The story of the officer killing unarmed teen Mike Brown in Ferguson, Missouri feels like déjà vu. We’ve seen this pattern before in Sanford, Florida; Monterey Park, California; Calumet City, Illinois; Dotham, Alabama; Galveston, Texas; Little Rock, Arkansas; Los Angeles, California; Jackson, Mississippi; Dayton, Ohio; and Staten Island, New York.
The cycle is like this:
Young unarmed black man or boy is shot by police. Police protected by authorities. Parents and community cry out for justice. Protests ensue. Police from the surrounding area converge on protesters with riot gear and tear gas. Victim is vilified. Heavy handed police state tactics garner national and international attention. Case is absorbed into courts and long investigations. When the case reemerges, nothing decisive is determined.
And so it goes. We can take strategic, concrete action now to end this pattern.
The Racial Powder Keg
Jerrel Christmas, former St. Louis prosecutor, commented that, “The lack of black police officers either on the street or administrative level…This whole area, this city is a racial powder keg.”
Today, one resident, an African American nurse who works in town, openly wondered what news is being reported; there is a media blackout in the area. This week, she saw her own Alderman get arrested for not leaving Ferguson by 9 pm. Her children couldn’t start the school year on Monday as planned, as schools were kept closed in the entire region, a decision she felt was unjustified. She called the police response, “overwhelmingly over the top” and asked “how many of the first ten amendments have been trampled in the last few days?” She condemned martial law rules that forced her to wait in long lines to reach her patients while police checked every driver entering the town.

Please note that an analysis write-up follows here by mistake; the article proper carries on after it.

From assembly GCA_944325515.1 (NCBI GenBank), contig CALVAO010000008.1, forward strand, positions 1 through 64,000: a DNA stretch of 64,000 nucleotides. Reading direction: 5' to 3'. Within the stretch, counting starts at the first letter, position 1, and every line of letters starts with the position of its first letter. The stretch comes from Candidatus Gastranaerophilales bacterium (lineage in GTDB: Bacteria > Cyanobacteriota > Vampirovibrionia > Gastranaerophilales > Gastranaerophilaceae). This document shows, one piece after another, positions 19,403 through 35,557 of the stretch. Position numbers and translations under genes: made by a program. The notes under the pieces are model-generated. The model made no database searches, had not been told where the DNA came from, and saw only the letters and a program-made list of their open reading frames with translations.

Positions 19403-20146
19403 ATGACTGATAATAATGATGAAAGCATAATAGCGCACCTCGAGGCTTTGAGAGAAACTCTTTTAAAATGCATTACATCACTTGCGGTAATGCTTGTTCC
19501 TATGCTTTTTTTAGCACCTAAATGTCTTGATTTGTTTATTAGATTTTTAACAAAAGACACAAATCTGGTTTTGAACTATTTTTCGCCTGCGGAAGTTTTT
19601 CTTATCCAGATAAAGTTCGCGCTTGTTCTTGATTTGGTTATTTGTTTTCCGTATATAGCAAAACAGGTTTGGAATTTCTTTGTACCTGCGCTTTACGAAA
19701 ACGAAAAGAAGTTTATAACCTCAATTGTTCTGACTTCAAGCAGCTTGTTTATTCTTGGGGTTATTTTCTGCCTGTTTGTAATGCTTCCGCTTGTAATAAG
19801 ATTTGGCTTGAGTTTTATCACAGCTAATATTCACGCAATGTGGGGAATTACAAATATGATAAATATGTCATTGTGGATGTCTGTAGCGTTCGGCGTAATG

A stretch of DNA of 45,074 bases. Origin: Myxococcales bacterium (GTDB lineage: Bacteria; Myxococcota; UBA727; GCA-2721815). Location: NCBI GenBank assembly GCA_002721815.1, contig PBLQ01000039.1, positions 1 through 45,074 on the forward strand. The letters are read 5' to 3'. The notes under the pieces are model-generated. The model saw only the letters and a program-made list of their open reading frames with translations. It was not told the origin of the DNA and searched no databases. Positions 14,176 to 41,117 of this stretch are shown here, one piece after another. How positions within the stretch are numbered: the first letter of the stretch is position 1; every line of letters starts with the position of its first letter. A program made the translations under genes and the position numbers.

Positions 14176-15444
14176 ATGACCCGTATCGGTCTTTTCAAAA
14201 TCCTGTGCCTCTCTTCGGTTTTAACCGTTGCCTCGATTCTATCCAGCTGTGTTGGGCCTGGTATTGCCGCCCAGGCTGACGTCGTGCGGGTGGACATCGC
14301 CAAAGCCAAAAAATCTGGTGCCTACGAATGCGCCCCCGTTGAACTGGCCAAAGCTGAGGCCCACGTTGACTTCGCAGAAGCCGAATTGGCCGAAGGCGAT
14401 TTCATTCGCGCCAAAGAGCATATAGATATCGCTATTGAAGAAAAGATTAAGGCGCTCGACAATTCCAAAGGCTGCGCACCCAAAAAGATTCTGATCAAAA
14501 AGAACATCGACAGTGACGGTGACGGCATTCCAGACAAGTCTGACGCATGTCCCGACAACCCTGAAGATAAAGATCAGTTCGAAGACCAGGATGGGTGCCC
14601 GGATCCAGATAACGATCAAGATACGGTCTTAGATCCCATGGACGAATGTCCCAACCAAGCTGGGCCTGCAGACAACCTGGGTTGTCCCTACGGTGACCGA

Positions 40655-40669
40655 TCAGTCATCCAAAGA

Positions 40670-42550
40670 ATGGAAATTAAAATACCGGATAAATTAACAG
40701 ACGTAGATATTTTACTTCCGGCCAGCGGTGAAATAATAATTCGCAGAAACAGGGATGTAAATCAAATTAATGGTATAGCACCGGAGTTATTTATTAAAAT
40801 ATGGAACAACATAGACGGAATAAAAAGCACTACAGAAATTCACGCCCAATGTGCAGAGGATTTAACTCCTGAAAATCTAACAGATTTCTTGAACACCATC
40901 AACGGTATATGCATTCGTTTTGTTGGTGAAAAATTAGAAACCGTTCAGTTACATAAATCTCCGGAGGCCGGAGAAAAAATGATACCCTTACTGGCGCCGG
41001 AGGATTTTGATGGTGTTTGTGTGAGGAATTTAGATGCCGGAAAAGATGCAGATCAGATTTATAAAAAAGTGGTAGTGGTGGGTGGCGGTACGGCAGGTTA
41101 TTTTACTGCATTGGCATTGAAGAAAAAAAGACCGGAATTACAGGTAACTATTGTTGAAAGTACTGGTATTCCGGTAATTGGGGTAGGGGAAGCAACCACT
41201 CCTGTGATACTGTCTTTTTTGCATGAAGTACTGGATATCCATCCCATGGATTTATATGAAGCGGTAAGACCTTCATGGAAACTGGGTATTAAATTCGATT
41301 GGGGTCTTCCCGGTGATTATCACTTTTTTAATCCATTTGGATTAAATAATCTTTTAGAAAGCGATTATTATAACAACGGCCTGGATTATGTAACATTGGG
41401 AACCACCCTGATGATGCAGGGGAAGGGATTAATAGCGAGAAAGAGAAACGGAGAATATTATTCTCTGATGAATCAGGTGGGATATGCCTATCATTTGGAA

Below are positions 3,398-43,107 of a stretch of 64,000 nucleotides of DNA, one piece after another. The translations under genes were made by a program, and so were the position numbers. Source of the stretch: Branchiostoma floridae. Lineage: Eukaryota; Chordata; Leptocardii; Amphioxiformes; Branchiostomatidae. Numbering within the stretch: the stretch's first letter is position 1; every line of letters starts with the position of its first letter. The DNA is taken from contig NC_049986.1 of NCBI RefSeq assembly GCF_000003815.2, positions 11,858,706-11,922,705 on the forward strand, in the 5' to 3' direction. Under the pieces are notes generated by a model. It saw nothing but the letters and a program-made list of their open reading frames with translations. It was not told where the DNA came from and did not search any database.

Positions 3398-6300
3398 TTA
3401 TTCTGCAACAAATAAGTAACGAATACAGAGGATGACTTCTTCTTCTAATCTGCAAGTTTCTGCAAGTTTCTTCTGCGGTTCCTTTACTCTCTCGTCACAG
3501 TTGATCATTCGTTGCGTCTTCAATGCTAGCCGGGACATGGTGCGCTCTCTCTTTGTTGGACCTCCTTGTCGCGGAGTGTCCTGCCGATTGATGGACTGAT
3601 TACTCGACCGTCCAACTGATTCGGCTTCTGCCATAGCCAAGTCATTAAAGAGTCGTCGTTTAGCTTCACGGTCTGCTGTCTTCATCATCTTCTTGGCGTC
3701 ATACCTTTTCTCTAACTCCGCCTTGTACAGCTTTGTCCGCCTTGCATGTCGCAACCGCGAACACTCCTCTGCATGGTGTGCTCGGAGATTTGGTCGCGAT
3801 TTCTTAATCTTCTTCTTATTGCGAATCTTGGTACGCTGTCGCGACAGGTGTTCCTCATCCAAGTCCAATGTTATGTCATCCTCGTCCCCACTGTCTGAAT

Yet, the nurse was not surprised at the unrest in the streets of Ferguson. There's an incredibly undemocratic system of oppression in play.
Mother Jones compiled telling facts about Ferguson:
- 67% of the residents are black; up from 25% in 1990 and 52% in 2000
- Just 3 of 53 police officers are black
- In 2013, 483 black people were arrested compared to 36 white people
- 92% of searches and 86% of car stops involved black people
- 28% of Ferguson’s black population lives below the poverty line
And all of this in a suburb with a population of 21,135, according to the 2012 census. The truth is, when power is shared, there is no powder keg. There should be more people of color in city leadership and law enforcement.
Here’s what needs to happen now, no need to wait for an empty verdict.
Fund Grassroots Efforts Now
The Organization for Black Struggle is leading community response on the ground in Ferguson. They are fundraising for a much-needed field organizer to start immediately. We believe that these St. Louis-based organizers with over 30 years of history in the community will build the infrastructure to give the people of Ferguson power to take control of their town.
And right now, you can double your impact. Make your donation and we'll match it (*Up to $15,000). CLICK TO DONATE
** We did it! With our support, the Organization for Black Struggle hired a full-time organizer in Ferguson on August 18th. We will continue supporting the Ferguson community. More to come...
Commit to Change Ferguson Leadership (and all “Fergusons”)
Three Ferguson council members are up for re-election in 2015, and another three are up for re-election in 2016. The next mayoral election is 2017. That’s just around the corner. It is time to identify excellent local leadership to take the helm – and support them big time. Now is the time to get young people registered to vote and to the ballot box. With success at the ballot box, we can reverse the actions of this non-representative government, like allocating 20% of total city budget in 2014 for police over other city services.
Residents Want Change
Recently, Ferguson government officials spent $60k of the city's Capital Improvement Sales Tax fund not on improving parks or city buildings, but on replacing and upgrading handheld weapons for police officers. When power is shared in a local community, every decision – from how taxes are used, to who is hired and appointed, to job creation, to policing standards – reflect the entire community.
We are standing with the family of Mike Brown, who was supposed to be going to his college orientation this week. The people of Ferguson, and in cities across the nation, deserve a government that holds their dreams to be as just as important as the next fiscal year budget. Bullets can no longer be dispensed where simple words would suffice. We stand with all the Fergusons. We will change this.
We will win.